Food manufacturer Ting Hsin International Group (頂新集團) yesterday apologized for its slow response in recalling 21 oil products it made using adulterated oil from Chang Chi Foodstuff Factory Co (大統長基).
Ting Hsin only recalled the 21 products — sold under the Wei Chuan (味全) brand — on Sunday, 19 days after Chang Chi’s oil was discovered to contain illicit substances.
“We will take full responsibility for the incident and spare no effort to protect our customers,” Ting Hsin chairman Wei Ying-chun (魏應充) said at a press conference.
Wei said he had not known that Chang Chi’s oil contained the illegal substance copper chlorophyllin until Chang Chi chairman Kao Cheng-li (高振利) confessed to prosecutors on Saturday.
Ting Hsin said the price of Chang Chi’s oil was not so unreasonably low as to arouse suspicion. The adulterated oil cost NT$93 per liter, which is only slightly lower than the average wholesale price of NT$95 to NT$100 per liter for imported oil, Ting Hsin said.
The company purchased the oil from Chang Chi instead of from manufacturers abroad because it only uses a relatively small quantity of 30 tonnes a year to make its products, it said.
Ting Hsin subsidiary Wei Chuan Foods Corp is to give NT$50 million (US$1.7 million) in refunds to customers who bought the 21 products, Wei said, adding that customers are eligible for a refund even if they do not have the receipts or have already opened the products.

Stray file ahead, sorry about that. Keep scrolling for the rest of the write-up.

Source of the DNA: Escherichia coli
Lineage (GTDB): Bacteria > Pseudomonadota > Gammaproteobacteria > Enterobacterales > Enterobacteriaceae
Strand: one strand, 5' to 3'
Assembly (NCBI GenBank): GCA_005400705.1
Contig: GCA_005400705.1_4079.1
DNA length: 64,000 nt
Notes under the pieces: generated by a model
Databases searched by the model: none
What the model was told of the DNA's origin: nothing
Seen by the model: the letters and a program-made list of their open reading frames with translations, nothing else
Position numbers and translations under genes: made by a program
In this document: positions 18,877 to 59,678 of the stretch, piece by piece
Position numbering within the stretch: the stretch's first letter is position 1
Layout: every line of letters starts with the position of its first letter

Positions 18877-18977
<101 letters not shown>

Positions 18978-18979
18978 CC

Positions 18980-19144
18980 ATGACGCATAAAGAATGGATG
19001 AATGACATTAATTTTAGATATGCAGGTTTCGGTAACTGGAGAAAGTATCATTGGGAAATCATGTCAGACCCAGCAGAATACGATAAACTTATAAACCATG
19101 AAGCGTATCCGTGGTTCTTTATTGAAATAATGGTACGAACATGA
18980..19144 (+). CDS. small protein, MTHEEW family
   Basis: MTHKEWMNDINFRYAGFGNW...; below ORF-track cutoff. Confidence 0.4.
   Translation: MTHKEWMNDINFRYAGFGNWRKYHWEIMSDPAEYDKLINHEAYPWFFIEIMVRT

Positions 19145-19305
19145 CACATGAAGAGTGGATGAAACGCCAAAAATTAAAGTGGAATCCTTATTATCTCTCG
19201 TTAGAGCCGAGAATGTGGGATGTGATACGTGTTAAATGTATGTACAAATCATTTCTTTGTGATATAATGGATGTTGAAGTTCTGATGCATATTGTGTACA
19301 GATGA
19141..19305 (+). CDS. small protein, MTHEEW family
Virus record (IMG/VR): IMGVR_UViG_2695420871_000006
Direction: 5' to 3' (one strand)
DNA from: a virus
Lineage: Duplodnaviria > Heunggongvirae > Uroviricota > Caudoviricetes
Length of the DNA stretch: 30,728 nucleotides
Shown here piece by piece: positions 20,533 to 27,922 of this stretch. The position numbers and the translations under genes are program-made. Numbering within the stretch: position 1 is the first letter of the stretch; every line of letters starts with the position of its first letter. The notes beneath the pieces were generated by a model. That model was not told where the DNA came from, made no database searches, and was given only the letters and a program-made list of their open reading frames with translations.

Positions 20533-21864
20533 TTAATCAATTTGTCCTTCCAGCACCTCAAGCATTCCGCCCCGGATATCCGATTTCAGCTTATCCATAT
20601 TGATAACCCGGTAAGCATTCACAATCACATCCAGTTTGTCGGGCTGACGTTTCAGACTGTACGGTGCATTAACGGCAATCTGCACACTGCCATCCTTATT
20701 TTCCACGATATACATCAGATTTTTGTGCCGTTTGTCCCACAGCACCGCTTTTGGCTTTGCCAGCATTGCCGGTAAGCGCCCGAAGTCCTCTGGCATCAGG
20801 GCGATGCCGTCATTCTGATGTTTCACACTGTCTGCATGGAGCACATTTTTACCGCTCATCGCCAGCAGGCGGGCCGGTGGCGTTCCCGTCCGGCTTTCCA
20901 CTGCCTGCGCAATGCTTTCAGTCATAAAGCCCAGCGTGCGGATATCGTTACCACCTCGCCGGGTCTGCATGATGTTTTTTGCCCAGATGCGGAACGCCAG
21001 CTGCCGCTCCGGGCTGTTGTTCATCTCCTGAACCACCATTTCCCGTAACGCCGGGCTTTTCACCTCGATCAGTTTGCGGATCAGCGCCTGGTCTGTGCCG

Chang Mei-feng (常梅峰), the general manager of Ting Hsin’s oil division, has resigned to take responsibility for the issue and the group will set up an investigation team to determine who else should be held accountable, Wei said.
In addition, Wei said he has also resigned as chairman of the government-funded private organization that issues Good Manufacturing Practice certificates.
Wei Chuan bought 2.13 million kilograms of soybean oil from Chang Chi to make vegetable oil, but Wei Chuan president Chang Chiao-hua (張教華) said his company stopped using that oil in August.
Ting Hsin said the company also shipped the tainted oil to China’s Fujian Province so it informed Chinese dealers on Monday to pull the products from the shelves.
Wei Ying-heng (魏應行), who is also chairman of the group and Wei Ying-chun’s younger brother, said the oil used in Ting Hsin’s fried chicken fast-food chain Dicos (德克士) is palm oil imported from Malaysia, as is the oil used to make instant noodles under the group’s Master Kong (康師傅) brand and the oil in the sauce for its noodles.
The group did not take its products off the market immediately because two separate tests conducted after Oct. 16 showed that the oil it used did not contain copper chlorophyllin or gossypol, Wei Ying-heng said.